This excerpt from Jason Fried and David Heinemeier Hansson’s recent book Rework keeps reverberating in my mind today:I can only say, "exactly right." I think it happens for a variety of reasons. We hate to lose people. Nobody likes it when somebody's unhappy in a church. The Enemy likes it just fine when we de-prioritize those who haven't yet exoerienced the love of God in Christ. And more. Some good reasons, some bad. But I agree that it's the beginning of the end for a church. I've seen it over and over again.“When you stick with your current customers come hell or high water, you wind up cutting yourself off from new ones. Your product or service becomes so tailored to your current customers that it stops appealing to fresh blood. And that’s how your company starts to die.”That’s consistent with one of the key attributes of churches in decline that we talked about a few months ago. When churches become inward focused and start making decisions about ministry to keep people rather than reach people, they have also started to die.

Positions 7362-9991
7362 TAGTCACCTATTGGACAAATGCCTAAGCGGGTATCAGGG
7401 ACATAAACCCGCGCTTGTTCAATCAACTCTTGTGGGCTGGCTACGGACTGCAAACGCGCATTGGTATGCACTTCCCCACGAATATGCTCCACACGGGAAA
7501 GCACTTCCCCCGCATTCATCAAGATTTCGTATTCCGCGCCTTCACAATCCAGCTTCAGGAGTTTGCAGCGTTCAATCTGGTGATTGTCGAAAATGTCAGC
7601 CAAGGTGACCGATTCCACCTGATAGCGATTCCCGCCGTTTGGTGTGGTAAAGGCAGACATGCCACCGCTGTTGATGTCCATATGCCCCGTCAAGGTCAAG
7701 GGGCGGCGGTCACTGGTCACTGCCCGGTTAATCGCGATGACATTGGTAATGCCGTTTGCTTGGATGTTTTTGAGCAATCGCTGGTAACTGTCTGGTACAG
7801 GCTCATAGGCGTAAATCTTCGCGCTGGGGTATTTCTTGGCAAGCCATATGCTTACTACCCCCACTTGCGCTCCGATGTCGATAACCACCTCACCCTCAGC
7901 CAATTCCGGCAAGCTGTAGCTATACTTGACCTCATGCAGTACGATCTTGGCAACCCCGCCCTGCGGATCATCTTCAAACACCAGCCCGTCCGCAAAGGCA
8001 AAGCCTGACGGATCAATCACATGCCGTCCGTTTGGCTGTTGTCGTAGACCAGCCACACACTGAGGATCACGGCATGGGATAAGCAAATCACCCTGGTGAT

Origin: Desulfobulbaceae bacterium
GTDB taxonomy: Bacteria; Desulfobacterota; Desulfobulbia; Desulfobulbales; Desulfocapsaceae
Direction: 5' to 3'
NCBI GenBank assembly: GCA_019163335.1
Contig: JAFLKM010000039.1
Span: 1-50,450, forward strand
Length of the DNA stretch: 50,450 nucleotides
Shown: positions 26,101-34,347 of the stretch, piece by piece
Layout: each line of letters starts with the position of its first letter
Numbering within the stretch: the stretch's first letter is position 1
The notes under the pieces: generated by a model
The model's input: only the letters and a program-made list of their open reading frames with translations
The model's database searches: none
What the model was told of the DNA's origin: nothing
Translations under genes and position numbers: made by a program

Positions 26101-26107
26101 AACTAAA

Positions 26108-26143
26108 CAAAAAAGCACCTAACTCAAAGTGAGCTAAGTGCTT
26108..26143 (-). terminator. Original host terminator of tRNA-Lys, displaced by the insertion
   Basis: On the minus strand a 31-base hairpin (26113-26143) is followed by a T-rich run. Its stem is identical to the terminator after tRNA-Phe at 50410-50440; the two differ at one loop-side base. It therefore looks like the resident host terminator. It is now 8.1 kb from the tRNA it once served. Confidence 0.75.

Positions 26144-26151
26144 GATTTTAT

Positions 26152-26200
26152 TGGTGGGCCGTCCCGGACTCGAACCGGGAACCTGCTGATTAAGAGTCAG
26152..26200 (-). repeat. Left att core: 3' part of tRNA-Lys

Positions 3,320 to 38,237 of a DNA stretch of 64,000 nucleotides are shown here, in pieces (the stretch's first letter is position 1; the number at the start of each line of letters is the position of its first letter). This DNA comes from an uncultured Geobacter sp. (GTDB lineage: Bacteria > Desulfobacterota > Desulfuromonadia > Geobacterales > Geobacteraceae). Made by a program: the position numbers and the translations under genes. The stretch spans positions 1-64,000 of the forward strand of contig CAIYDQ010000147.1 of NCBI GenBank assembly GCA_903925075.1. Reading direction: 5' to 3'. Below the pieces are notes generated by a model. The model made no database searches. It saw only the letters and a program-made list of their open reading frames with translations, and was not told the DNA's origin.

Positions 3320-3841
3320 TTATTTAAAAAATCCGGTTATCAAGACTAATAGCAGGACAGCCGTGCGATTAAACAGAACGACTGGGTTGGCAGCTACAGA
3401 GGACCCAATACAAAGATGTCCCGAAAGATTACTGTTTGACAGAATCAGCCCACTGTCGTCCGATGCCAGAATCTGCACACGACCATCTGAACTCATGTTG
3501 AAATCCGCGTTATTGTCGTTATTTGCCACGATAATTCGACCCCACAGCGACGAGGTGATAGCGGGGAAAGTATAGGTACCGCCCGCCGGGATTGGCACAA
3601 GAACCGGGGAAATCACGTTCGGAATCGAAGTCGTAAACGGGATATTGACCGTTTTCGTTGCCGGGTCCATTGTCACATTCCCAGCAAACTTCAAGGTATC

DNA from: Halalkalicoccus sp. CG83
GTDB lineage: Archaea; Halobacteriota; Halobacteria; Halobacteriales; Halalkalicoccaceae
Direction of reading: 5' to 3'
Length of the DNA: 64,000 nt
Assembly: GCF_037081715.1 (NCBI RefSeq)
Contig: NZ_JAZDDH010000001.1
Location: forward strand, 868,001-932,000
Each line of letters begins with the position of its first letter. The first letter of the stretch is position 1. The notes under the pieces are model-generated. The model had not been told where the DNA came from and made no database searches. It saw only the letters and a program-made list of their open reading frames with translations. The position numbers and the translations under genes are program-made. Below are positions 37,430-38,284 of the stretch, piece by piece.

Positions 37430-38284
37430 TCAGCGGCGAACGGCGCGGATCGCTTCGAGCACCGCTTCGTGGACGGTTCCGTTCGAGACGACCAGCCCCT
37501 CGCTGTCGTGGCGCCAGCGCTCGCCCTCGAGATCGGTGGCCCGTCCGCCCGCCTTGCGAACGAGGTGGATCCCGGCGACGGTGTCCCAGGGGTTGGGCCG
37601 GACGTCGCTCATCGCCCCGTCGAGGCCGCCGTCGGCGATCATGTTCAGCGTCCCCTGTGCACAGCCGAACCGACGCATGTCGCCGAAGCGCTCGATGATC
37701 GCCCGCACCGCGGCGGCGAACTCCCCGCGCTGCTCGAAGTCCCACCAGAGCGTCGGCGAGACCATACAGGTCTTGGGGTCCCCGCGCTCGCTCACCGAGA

Jesus said it this way:“If a man has a hundred sheep and one of them gets lost, what will he do? Won’t he leave the ninety-nine others in the wilderness and go to search for the one that is lost until he finds it? (Luke 15:4, NLT)Why do you think some churches slip into the mode where they’re so focused on keeping people that they neglect trying to reach people who are outside the faith? Join the conversation by sharing your comment.
The Beginning of the End for a Church
Tony Morgan, who was so kind to feature my guest post Saturday on his blog, posted this yesterday: